>> * There is less boilerplate that has to be written (and maintained) by
>> us as developers than the load-by-function approach.
>> * Modules are decoupled from their namespace, making them much more
>> portable.
>> Also, the server wrapping process is intentionally extremely simple and
>> I think could easily be ported to all the platforms we play on. The
>> module that is wrapped does not need to be internally modified at all. I
>> included the code for a very simple wrapping below. I also have a small
>> github project that demonstrates more advanced, full server side
>> dependency resolution (packaging multiple modules in one response) for
>> server side JavaScript servers [2].
>> - Migration path -
>> I believe any single-version radical backwards-incompatible change in
>> Dojo is not a good thing for our community. I think an appropriate path
>> forward would be multi-phase:
>> 1. Incorporate RequireJS module loader into Dojo, but keep existing
>> support for dojo.require (Dojo 1.6)
>> 2. Build server side module wrappers that support wrapping CommonJS and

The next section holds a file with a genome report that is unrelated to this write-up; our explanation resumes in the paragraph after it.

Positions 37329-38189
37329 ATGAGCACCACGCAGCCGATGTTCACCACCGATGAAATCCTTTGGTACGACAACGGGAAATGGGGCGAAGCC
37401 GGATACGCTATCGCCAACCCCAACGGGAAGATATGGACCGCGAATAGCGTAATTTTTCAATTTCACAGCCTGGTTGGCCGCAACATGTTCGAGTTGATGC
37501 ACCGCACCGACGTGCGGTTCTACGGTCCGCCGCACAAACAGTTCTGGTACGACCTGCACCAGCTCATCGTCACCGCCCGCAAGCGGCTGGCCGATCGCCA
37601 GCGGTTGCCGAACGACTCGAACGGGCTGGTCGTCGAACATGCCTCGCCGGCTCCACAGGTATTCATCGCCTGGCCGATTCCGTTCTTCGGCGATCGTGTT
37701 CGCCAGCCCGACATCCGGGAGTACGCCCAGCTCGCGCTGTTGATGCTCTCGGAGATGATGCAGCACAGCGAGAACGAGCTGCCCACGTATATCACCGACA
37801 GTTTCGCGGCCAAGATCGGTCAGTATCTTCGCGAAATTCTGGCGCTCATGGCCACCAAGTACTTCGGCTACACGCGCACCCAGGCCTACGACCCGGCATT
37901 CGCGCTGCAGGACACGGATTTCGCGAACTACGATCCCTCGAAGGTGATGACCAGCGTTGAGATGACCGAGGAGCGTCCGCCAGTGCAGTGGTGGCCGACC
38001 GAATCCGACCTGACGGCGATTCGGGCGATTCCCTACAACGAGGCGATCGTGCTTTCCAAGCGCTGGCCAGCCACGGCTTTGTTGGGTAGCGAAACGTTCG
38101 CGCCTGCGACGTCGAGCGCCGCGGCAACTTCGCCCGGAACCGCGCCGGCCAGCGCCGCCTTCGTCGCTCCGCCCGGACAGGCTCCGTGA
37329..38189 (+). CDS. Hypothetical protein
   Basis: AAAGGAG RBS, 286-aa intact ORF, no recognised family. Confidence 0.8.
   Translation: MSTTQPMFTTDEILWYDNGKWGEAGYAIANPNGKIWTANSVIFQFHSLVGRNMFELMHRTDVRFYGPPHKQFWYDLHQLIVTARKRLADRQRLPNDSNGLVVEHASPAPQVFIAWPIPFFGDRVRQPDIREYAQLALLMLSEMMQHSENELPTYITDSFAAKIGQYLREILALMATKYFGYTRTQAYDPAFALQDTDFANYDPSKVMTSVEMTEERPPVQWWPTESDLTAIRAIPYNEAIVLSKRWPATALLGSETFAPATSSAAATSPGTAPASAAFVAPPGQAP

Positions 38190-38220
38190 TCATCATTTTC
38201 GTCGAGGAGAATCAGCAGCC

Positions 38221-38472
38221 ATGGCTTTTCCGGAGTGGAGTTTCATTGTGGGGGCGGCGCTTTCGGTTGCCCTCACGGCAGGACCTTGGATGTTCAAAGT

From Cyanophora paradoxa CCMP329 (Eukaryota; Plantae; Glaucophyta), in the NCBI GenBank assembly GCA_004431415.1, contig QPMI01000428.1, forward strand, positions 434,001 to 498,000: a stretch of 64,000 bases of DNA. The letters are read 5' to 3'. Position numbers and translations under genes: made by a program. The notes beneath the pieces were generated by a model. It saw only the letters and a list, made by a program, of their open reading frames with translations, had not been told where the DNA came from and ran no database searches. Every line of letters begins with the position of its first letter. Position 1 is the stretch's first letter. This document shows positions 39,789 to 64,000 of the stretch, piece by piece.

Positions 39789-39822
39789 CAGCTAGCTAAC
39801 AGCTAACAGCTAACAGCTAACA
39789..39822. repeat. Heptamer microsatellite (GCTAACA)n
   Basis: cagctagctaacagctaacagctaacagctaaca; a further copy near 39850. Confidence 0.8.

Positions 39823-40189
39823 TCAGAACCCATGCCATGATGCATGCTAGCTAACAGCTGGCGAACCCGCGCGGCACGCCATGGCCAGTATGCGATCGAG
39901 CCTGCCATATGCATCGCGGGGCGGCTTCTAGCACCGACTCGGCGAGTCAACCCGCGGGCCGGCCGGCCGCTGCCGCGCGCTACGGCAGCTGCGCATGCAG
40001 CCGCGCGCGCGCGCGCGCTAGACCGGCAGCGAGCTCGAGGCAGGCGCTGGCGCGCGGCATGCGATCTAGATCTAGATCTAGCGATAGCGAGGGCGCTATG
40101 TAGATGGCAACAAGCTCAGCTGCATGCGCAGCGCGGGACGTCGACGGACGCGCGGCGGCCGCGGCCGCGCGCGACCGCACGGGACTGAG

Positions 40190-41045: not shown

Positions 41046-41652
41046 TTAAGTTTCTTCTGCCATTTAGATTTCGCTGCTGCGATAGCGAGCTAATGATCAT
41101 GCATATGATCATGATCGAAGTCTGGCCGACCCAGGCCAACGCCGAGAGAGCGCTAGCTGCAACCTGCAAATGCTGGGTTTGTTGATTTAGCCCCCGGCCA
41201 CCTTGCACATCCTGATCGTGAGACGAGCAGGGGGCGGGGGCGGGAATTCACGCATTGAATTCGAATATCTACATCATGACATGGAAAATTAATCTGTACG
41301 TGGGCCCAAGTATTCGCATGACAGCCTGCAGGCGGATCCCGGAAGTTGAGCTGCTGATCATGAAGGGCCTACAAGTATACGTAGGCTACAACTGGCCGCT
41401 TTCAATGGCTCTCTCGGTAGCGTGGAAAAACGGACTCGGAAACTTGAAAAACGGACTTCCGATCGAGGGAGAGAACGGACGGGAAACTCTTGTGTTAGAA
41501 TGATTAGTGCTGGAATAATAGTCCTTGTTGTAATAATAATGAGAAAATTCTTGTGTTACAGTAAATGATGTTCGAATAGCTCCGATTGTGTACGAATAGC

>> Dojo modules with CommonJS transport format (concurrently).
>> 3. Migrate all Dojo code to CommonJS format and incorporate the
>> transport format wrapping in our build so all module can be loaded async
>> (Dojo 1.7)
>> 4. Deprecate dojo.require (Dojo 1.8)
>> 5. Remove dojo.require (eliminate all sync module loading) (Dojo 2.0)
>> [1] http://wiki.commonjs.org/wiki/Modules/Transport/D
>> [2] http://github.com/kriszyp/transporter
>> Pseudo code for server side module wrapping:
>> var content = getFileContents(path);
>> var depsObject = {};
>> content.replace(/require\s*\(\s*['"]([^'"]*)['"]\s*\)/g, function(t,
>> moduleId){
>>  depsObject[moduleId] = true;
>> });
>> write("require.define({" + JSON.stringify(path.substring(0, path.length
>> - 3)) + ":function(require, exports, module){");
>> write(contents);
>> var deps = [];
>> for(var i in depsObject){
>>  deps.push(i);
>> }
>> write("},[" + deps.join(",") + "])");
>> Thanks,
>> Kris
>> On 12/22/2009 8:55 PM, Alex Russell wrote:
>>> +1 to this approach.
>>> I'd like to see this as the module system for a Dojo 2.0.
>>> Regards